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Monday, 28 November 2005
Page: 8

Senator ELLISON (Manager of Government Business in the Senate) (1:01 PM) —Can I say at the outset that the government’s program has been on the record now for some time. On 3 August this year we circulated bills for the spring sittings. The list that I have states that bills marked with an asterisk are proposed for introduction and passage in the spring sittings, and that was circulated on 3 August this year. It is a comprehensive program. The government has never made any secret in relation to its reform program—in particular, in this fortnight, the passage of the industrial relations reform package, Welfare to Work and the antiterrorism bills, which are timely. There are other bills as well which the government needs to pass. However, to say that we have not made people aware of our program is totally false, because we have had it on the record now for some time. Indeed, as usual last week we distributed the program for this week, and that is what we normally do.

There has been criticism and we have been asked why we need the extra time. As I have said before, since 1 July this year we have seen the average government business time in a Senate sitting week reduced from between 14 to 16 hours to around 10. When you examine the time that the Senate has spent on procedural motions, you can see where the time has gone. Just on motions to refer matters to reference committees and suspension of standing orders, we have spent over 17 hours. That is well over a week’s sitting of Senate time being spent on procedural matters. Even in this debate today about an hour has been taken up debating sitting times. We have a job to do. We are senators. We are elected to deal with the passage of laws for this country, and that is a prime role of the Senate and the other place. We have as a government been elected to put in place reforms and policies. We intend to do that, and that is precisely what this is about—ensuring that we can do that.

In relation to the sitting fortnight, I think 22 November was the reporting date of the committee for the workplace relations package. Today we will see the two reports on the antiterrorism legislation and also Welfare to Work. Of course the government will consider those reports. It is proper that it does. That is the norm. There is nothing unusual about that. In fact, if we did not set aside some time to consider those reports and any possible amendments, we would be roundly criticised. The program we have in place this week allows for an extensive second reading debate on workplace relations, it allows extensive time later in the week for debate on the antiterrorism package and it provides for consideration of the reports from the various committees that I have mentioned. That is entirely in order. There is nothing unusual about that.

I might touch on question time again. Since I have been in the Senate, which has been for some time, whenever there has been a change in representation in the chamber it has had an impact on the structuring of question time. The government now has a majority in the Senate, and there has also been a change in representation by the minor parties, and that has been reflected in the number of questions. It has always worked that way. Since I have been in this place we have had a change in representation of various parties and entities, and that has resulted in a change of the structuring of question time. There is nothing at all at odds with precedent on that.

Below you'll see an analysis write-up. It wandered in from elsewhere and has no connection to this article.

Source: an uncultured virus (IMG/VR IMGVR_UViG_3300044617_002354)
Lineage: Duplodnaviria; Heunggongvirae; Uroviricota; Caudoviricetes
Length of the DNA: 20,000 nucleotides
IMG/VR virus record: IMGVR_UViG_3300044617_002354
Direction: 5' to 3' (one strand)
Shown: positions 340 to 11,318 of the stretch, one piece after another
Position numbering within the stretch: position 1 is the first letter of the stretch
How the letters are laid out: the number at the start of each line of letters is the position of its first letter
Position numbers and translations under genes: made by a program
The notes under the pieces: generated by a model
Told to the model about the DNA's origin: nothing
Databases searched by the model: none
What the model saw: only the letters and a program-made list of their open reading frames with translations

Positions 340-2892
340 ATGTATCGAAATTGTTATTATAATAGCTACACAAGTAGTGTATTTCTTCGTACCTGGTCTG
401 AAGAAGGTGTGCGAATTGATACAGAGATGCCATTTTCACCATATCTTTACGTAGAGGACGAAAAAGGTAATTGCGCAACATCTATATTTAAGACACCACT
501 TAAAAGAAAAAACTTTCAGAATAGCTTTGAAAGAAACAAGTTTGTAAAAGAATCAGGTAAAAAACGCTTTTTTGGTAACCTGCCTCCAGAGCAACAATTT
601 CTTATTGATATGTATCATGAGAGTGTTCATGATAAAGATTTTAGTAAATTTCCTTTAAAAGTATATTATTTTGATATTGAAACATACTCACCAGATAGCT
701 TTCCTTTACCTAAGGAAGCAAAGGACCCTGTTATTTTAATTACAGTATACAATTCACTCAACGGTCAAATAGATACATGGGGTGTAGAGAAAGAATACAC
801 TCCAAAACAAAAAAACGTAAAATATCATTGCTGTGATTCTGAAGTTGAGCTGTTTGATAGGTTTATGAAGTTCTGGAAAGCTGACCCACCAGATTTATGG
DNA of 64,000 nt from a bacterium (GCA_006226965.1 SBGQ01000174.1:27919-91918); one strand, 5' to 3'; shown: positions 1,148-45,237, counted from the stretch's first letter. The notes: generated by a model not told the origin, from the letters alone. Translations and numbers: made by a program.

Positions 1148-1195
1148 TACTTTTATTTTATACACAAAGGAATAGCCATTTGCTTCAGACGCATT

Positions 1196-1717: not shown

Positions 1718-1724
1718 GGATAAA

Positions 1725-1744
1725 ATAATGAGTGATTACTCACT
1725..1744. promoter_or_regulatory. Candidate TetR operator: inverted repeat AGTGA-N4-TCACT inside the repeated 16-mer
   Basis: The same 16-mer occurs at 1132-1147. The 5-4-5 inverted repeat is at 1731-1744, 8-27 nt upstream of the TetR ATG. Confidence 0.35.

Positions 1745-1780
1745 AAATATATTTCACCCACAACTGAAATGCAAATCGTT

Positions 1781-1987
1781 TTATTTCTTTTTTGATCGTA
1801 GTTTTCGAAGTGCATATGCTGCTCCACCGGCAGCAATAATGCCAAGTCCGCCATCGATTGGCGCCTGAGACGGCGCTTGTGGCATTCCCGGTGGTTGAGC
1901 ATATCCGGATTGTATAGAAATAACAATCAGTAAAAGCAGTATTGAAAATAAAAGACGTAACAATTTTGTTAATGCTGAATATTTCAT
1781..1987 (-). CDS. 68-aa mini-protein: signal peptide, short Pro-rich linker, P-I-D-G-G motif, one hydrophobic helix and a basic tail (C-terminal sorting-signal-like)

In relation to the reference of the antiterrorism package to a Senate committee, for the record I remind the Senate that when that was moved, I think in the last sitting fortnight, what was intended was that the matter would be dealt with by the Senate committee during the two-week up period. Due to procedures in place the vote could not be taken at that time. An amendment was moved by the Democrats. That had the consequence that that motion could not be dealt with at that time and we lost the opportunity of that two-week period. That was in the sitting fortnight previous to the last. Our intention, as I recall it—I was not here—was to provide two weeks of up time for that consideration. We have since remedied that by extending the time for reporting in relation to that antiterrorism package. We will have the committee report today, and we look forward to the receipt of that.

But in relation to this sitting fortnight, it is necessary to have these extra sitting hours if we are to get the job done. That is a fact. A prime role of this Senate and all senators who form it is to consider government legislation and deal with it. If we did not have this extra time we could not deal with that legislation and it would be left until February next year. Putting if off would clearly be a dereliction of the duty of the Senate. So these extra hours are essential. Looking at the Senate’s past practice, at the end of the year there always tends to be a logjam, if you like. What we are doing with this—and we gave notice of this motion in the last sitting fortnight—is dealing with it now rather than at the eleventh hour to avoid that last-minute rearrangement of times. In the past, the opposition and others have been the first to criticise us when we have done that so we are doing it well in advance so everybody knows where they stand. It is a thoroughly reasonable proposal and I commend it to the Senate.

Question agreed to.